medwireNews: Having a high prevalence of chronic conditions associated with severe COVID-19 and an increased risk for influenza hospitalization or death may indicate that cancer survivors are at increased risk poor COVID-19 outcomes, UK study data suggest.
Helena Carreira (London School of Hygiene and Tropical Medicine) and co-investigators say that these factors “should be taken into account in policies targeted at clinical risk groups, and vaccination for both influenza, and, when available, COVID-19, should be encouraged in cancer survivors.”
The researchers carried out their study to address the lack of evidence “to inform policy around managing COVID-19 related risks in cancer survivors” when compared with that available for people undergoing active cancer treatment.
They used English national databases to identify 108,215 survivors (≥1 year after diagnosis) of the 20 most common cancers and 523,541 age-, sex-, and general practice-matched cancer-free controls.
Carreira and team found that the majority of comorbidities thought to be associated with poor COVID-19 outcomes were more common in the cancer survivors than the cancer-free controls, but the prevalence varied by cancer site.
In general, cancer survivors had significantly higher rates of diabetes, asthma, and other respiratory disease, as well as more chronic heart, liver, and renal disease, and neurologic conditions, than controls.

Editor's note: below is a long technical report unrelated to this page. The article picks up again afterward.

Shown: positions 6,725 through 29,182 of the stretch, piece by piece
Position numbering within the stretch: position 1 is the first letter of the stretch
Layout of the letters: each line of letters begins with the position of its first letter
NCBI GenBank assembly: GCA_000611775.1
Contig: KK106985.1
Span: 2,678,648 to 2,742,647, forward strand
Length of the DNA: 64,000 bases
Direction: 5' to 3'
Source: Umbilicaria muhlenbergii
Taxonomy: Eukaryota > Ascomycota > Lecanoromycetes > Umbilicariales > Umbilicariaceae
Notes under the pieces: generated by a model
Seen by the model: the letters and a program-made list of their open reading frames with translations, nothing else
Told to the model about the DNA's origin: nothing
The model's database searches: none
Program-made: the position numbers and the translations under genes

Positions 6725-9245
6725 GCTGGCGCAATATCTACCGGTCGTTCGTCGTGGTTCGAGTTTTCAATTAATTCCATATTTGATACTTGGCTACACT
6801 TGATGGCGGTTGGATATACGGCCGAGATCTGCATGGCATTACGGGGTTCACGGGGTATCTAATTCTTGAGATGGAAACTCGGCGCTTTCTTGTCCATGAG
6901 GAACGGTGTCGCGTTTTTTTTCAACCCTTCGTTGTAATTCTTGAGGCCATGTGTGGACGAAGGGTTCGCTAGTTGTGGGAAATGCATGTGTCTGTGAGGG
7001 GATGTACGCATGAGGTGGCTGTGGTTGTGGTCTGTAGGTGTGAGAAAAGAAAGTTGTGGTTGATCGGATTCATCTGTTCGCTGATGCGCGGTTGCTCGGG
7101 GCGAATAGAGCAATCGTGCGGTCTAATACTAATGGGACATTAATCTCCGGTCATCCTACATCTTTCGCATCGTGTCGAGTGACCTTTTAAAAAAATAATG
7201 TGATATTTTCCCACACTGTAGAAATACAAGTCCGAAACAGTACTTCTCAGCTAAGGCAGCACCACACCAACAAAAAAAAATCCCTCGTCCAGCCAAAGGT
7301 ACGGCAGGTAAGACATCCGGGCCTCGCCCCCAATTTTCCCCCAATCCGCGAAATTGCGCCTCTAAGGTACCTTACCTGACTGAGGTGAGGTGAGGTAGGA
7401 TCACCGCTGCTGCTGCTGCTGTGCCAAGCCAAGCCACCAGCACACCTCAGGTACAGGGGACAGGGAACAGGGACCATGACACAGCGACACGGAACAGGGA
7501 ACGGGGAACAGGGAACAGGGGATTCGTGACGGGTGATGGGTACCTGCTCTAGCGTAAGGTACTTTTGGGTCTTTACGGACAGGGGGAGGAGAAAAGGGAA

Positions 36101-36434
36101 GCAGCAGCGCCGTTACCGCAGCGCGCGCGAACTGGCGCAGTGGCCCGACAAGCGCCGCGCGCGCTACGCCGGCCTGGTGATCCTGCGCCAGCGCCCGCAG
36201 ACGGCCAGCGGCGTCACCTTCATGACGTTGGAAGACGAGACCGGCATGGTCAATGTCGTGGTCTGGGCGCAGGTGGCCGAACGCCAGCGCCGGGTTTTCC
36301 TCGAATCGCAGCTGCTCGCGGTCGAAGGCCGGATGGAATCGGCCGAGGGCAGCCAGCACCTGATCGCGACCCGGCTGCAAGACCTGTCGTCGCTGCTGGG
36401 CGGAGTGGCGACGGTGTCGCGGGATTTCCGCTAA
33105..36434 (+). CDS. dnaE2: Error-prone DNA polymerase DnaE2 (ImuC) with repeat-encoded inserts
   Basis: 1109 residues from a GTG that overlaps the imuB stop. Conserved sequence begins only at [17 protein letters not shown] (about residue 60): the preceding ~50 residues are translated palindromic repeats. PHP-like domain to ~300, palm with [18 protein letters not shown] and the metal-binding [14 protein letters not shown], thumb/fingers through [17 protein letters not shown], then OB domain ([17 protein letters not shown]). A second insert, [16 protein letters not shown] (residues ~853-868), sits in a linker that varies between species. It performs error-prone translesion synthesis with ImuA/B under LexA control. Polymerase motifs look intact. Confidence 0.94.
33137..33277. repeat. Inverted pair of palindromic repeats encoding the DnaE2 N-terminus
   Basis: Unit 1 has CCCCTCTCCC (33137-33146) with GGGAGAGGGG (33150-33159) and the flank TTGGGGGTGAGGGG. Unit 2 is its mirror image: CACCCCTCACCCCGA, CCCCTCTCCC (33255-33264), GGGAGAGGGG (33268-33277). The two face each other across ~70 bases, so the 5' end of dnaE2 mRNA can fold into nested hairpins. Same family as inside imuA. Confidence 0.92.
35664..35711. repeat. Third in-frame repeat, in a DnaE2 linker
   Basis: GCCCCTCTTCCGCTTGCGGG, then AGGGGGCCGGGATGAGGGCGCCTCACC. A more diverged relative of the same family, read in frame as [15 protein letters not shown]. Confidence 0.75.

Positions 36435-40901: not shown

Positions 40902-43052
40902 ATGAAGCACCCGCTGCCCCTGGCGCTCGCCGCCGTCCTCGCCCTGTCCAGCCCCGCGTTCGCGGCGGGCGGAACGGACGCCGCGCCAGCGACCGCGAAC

Conversely, the cancer survivors were less likely to be obese than controls.
The investigators also looked at the risk for severe influenza in the cohort, using this as a marker of susceptibility to severe outcomes from epidemic respiratory viruses.
They found that during a median 5 to 6 years of follow-up, there were 190 influenza hospitalizations and 15 influenza deaths overall.
After adjustment for baseline demographics, deprivation, smoking, and risk factors distribution, the cancer survivors had a significant 2.78-fold higher risk for influenza hospitalization or death than the controls.
The risk was substantially higher, with a hazard ratio of 15.17, among individuals with hematologic malignancies and varied with time since diagnosis.
For the people with hematologic malignancies, the risk for influenza hospitalization or death was a significant 29.56-fold higher than for controls during years 1–4 postdiagnosis, 9.56-fold higher during years 5–9, and still 10.06-fold higher 10 or more years after diagnosis.
By comparison, individuals with nonhematologic malignancies had a significant 2.22-fold increased risk for poor influenza outcomes versus controls up to 5 years from diagnosis, but no significantly increased risk thereafter.
Writing in EClinicalMedicine, the authors conclude: “The high prevalence of several established COVID-19 risk factors in cancer survivors, and the increased risk of influenza hospitalisation and death in survivors of haematological cancers even many years from diagnosis, and in survivors from other cancers in the first five years of survivorship, indicate a likely increased risk of severe COVID-19 outcomes in these patient groups.”
They add: “These findings suggest that cancer survivorship should be considered a potentially important risk factor for severe COVID-19 outcomes in public health policy.”
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